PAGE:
The American way of Renaissance and the Humanistic Tradition of Greece -- The Aristotelian tradition in American naturalism -- George Santayana and Greek philosophy -- Frederick J.E. Woodbridge and the Aristotelian tradition -- John Dewey and ancient philosophies -- John H. Randall Jr.'s interpretation of Greek philosophy -- The ontology of Herbert W. Schneider -- Ernest Nagel's pragmatism and Aristotle's principle of contradiction -- The naturalistic metaphysics of Justus Buchler -- Naturalism and the platonic tradition.
The architectonic principle, as stated in Aristotle's Politics, is related to the arrangement of the arts, the technai, whereby it is argued that the leading art is the politike techne. Plato, in the Gorgias, has argued for an architectonic of crafts. Four technai provide the best, aei pros to beltiston therapeuousai, and they differ from the pseudo-crafts that offer pleasure while indifferent to the beltiston. The principle for arranging the architectonic is the pursuit of the best, whereby each practitioner of (...) a craft is expected to give logos concerning the "how" as well as the end of the craft. Extending the Platonic principle, Aristotle brings together under a unified theory the intelligibility of nature and human nature in line with the ends of episteme and techne, especially the politike techne. (shrink)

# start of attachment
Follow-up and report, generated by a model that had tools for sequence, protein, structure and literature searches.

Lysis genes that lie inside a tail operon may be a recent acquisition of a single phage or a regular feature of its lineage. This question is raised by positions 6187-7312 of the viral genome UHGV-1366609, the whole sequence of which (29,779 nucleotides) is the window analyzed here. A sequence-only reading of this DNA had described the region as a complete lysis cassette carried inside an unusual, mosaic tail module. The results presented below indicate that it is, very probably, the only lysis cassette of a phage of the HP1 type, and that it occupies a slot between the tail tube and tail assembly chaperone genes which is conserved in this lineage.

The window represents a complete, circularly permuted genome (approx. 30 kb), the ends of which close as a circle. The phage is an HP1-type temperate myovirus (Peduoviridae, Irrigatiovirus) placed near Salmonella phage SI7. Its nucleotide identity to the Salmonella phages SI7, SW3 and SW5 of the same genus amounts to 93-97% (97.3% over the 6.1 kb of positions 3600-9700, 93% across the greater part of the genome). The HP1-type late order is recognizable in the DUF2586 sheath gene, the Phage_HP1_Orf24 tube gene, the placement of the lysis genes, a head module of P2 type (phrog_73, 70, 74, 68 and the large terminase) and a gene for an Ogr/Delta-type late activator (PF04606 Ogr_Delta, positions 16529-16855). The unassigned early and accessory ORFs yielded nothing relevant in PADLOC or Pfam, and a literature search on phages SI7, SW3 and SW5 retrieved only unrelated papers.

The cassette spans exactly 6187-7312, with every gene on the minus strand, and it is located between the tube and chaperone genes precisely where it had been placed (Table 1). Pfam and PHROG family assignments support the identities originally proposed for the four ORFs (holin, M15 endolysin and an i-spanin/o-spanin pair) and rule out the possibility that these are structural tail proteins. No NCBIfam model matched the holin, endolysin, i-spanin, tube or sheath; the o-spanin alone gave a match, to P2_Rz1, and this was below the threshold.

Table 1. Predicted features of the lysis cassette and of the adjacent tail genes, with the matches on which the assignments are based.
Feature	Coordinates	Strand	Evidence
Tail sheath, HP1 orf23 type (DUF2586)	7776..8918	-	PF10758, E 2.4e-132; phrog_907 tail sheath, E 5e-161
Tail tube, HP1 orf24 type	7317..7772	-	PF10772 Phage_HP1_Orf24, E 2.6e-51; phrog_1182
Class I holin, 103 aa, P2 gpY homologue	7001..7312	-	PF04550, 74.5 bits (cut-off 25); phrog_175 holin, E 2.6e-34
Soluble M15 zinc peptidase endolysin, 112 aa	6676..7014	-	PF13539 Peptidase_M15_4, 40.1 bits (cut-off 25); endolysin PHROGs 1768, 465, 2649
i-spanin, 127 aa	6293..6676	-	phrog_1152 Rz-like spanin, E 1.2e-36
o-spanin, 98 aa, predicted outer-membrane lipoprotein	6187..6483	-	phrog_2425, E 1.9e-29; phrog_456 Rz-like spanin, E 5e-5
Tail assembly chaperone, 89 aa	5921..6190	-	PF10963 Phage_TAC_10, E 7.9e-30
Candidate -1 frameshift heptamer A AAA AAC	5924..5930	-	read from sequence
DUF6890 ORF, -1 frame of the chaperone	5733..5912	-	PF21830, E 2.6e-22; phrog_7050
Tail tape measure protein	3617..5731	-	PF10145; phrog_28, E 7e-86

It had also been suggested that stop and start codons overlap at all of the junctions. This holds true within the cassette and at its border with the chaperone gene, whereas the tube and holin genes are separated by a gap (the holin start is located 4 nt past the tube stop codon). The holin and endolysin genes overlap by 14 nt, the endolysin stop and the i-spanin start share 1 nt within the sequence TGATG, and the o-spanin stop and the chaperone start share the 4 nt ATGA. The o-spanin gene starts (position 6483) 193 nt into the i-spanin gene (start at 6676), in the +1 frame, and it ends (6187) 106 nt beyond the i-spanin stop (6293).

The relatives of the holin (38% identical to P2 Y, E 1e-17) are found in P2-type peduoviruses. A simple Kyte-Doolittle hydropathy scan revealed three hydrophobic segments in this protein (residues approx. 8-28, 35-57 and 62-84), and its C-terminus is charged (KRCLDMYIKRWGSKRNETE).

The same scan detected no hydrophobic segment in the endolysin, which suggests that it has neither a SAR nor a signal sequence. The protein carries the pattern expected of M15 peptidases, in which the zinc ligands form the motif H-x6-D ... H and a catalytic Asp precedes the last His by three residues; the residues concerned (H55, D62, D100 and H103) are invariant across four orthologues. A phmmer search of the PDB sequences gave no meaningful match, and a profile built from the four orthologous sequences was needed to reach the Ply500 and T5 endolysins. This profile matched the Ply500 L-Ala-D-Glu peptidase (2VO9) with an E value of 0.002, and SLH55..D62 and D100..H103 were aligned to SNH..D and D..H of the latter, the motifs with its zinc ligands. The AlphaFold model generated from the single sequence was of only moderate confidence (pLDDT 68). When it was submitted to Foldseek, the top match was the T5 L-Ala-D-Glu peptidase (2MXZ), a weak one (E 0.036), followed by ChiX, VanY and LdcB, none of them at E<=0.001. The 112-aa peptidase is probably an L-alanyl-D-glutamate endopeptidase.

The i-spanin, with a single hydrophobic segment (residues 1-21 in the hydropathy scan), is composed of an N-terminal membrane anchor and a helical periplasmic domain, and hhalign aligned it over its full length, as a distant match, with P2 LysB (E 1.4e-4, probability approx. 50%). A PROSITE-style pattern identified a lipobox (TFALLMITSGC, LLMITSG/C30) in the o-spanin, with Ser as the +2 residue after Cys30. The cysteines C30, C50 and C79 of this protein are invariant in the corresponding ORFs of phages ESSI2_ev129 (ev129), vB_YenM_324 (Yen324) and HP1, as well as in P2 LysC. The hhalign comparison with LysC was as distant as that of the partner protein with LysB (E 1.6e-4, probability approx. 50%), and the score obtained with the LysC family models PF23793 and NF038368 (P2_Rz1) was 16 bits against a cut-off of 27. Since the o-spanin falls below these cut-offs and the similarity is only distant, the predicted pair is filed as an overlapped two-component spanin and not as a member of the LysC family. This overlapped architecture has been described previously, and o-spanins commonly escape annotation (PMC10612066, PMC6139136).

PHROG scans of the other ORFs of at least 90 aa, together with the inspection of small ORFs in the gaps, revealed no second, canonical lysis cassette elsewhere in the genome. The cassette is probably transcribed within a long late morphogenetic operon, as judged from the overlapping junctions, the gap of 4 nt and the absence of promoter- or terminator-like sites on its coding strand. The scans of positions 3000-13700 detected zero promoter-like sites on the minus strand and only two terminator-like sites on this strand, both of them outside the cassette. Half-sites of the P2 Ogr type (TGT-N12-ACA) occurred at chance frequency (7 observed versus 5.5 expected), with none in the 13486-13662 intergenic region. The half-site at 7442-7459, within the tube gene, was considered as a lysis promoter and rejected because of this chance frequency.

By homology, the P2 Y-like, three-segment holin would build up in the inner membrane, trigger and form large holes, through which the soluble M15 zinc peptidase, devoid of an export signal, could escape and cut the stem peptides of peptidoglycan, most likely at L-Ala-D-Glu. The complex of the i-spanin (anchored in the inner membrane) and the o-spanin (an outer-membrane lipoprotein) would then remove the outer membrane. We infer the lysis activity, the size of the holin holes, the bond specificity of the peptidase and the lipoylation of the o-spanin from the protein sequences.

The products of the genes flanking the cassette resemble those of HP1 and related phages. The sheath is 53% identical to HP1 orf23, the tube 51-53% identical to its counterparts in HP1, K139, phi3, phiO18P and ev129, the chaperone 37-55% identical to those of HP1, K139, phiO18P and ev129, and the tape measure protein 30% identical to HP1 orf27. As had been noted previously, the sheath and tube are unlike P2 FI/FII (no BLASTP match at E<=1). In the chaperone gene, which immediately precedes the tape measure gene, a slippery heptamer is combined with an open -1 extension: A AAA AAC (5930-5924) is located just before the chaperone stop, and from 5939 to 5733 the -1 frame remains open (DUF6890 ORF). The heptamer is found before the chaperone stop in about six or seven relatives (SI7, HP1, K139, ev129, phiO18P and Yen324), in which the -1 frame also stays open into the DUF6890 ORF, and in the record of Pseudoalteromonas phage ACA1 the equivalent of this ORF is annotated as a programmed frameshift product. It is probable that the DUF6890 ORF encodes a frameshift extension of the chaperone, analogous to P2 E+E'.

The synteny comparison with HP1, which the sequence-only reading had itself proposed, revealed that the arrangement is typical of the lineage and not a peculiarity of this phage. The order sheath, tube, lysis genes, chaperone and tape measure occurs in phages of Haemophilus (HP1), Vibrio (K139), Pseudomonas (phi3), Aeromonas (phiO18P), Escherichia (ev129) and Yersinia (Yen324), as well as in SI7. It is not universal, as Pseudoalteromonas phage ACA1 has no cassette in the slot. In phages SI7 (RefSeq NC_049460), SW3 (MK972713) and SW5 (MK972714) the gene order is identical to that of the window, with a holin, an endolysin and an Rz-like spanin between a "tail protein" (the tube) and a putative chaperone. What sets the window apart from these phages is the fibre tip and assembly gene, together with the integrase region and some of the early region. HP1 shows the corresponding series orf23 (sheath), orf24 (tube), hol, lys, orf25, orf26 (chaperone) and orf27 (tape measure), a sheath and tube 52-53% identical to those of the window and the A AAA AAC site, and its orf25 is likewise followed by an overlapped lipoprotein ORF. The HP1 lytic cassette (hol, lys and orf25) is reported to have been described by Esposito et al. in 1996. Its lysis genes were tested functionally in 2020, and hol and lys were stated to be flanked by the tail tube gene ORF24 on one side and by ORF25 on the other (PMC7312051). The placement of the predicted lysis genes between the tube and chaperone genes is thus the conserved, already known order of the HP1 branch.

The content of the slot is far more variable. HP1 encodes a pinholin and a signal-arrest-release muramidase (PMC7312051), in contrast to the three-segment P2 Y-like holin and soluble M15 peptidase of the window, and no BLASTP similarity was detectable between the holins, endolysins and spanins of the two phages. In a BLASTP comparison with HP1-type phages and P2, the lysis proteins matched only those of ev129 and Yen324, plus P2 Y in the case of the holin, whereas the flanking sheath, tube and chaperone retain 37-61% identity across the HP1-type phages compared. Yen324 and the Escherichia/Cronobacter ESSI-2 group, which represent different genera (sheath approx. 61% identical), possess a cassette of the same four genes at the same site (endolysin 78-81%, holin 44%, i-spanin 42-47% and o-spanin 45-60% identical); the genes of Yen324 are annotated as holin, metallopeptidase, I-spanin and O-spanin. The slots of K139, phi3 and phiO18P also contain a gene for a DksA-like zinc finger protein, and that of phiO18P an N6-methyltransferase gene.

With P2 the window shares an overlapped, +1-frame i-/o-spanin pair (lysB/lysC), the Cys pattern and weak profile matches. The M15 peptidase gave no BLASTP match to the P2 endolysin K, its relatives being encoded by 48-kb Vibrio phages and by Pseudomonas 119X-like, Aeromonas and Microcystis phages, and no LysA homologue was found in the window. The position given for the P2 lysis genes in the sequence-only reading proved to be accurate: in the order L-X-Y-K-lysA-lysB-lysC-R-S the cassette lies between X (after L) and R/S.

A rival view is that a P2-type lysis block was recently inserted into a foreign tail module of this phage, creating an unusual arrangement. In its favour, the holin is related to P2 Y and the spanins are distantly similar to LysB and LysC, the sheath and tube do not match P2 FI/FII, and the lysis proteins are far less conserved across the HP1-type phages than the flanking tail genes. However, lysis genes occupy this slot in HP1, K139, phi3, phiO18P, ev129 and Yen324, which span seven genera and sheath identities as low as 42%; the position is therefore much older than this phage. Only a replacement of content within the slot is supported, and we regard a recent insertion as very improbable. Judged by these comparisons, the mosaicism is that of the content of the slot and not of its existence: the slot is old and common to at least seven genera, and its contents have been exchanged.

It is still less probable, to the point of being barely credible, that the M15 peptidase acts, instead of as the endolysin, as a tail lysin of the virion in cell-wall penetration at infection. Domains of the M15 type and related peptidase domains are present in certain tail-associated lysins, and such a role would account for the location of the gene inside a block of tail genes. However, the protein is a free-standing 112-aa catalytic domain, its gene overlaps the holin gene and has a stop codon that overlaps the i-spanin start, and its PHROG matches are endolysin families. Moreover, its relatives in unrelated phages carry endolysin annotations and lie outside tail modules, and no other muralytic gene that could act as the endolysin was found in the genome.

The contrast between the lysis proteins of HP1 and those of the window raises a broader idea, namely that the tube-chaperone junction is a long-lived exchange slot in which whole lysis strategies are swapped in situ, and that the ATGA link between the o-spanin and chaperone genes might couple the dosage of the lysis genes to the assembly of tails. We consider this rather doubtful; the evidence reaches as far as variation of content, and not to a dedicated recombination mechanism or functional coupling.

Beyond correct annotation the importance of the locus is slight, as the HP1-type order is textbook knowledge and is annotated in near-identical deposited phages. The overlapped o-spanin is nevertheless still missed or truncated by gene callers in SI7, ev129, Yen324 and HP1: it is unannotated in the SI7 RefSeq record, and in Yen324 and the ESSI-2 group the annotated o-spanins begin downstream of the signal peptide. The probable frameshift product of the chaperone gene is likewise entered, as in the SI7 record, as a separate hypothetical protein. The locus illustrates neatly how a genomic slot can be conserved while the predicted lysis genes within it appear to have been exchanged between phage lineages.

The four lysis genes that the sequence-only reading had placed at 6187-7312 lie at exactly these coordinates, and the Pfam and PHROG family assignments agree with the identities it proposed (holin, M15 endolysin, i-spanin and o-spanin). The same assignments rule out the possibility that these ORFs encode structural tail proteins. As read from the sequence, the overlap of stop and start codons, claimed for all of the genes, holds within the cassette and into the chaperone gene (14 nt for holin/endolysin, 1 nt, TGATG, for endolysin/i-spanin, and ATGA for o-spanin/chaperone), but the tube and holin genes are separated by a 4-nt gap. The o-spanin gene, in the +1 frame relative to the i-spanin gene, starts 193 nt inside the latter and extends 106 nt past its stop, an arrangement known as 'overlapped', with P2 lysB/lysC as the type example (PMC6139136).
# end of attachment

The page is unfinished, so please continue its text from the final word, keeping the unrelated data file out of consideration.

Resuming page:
The article explores Santayana's views on Greek philosophy and his evaluation of the Greek thinkers that best represent the classical mind: Heraclitus, Democritus, Plato, and Aristotle. His early views on Greek philosophy, traceable in the 1889 Dissertation on Lotze, were revised and formalized in "The Life of Reason", and finalized in his "Apologia pro mente sua" (1951). The principles that figure dominantly in Santayana's philosophy, materialism, scepticism, and the theory of essences, also pervade his interpretation and critical treatment of Greek (...) philosophy. For all his admiration and love of Greek philosophy, Santayana's naturalistic approach remained close to James' pragmatism. (shrink)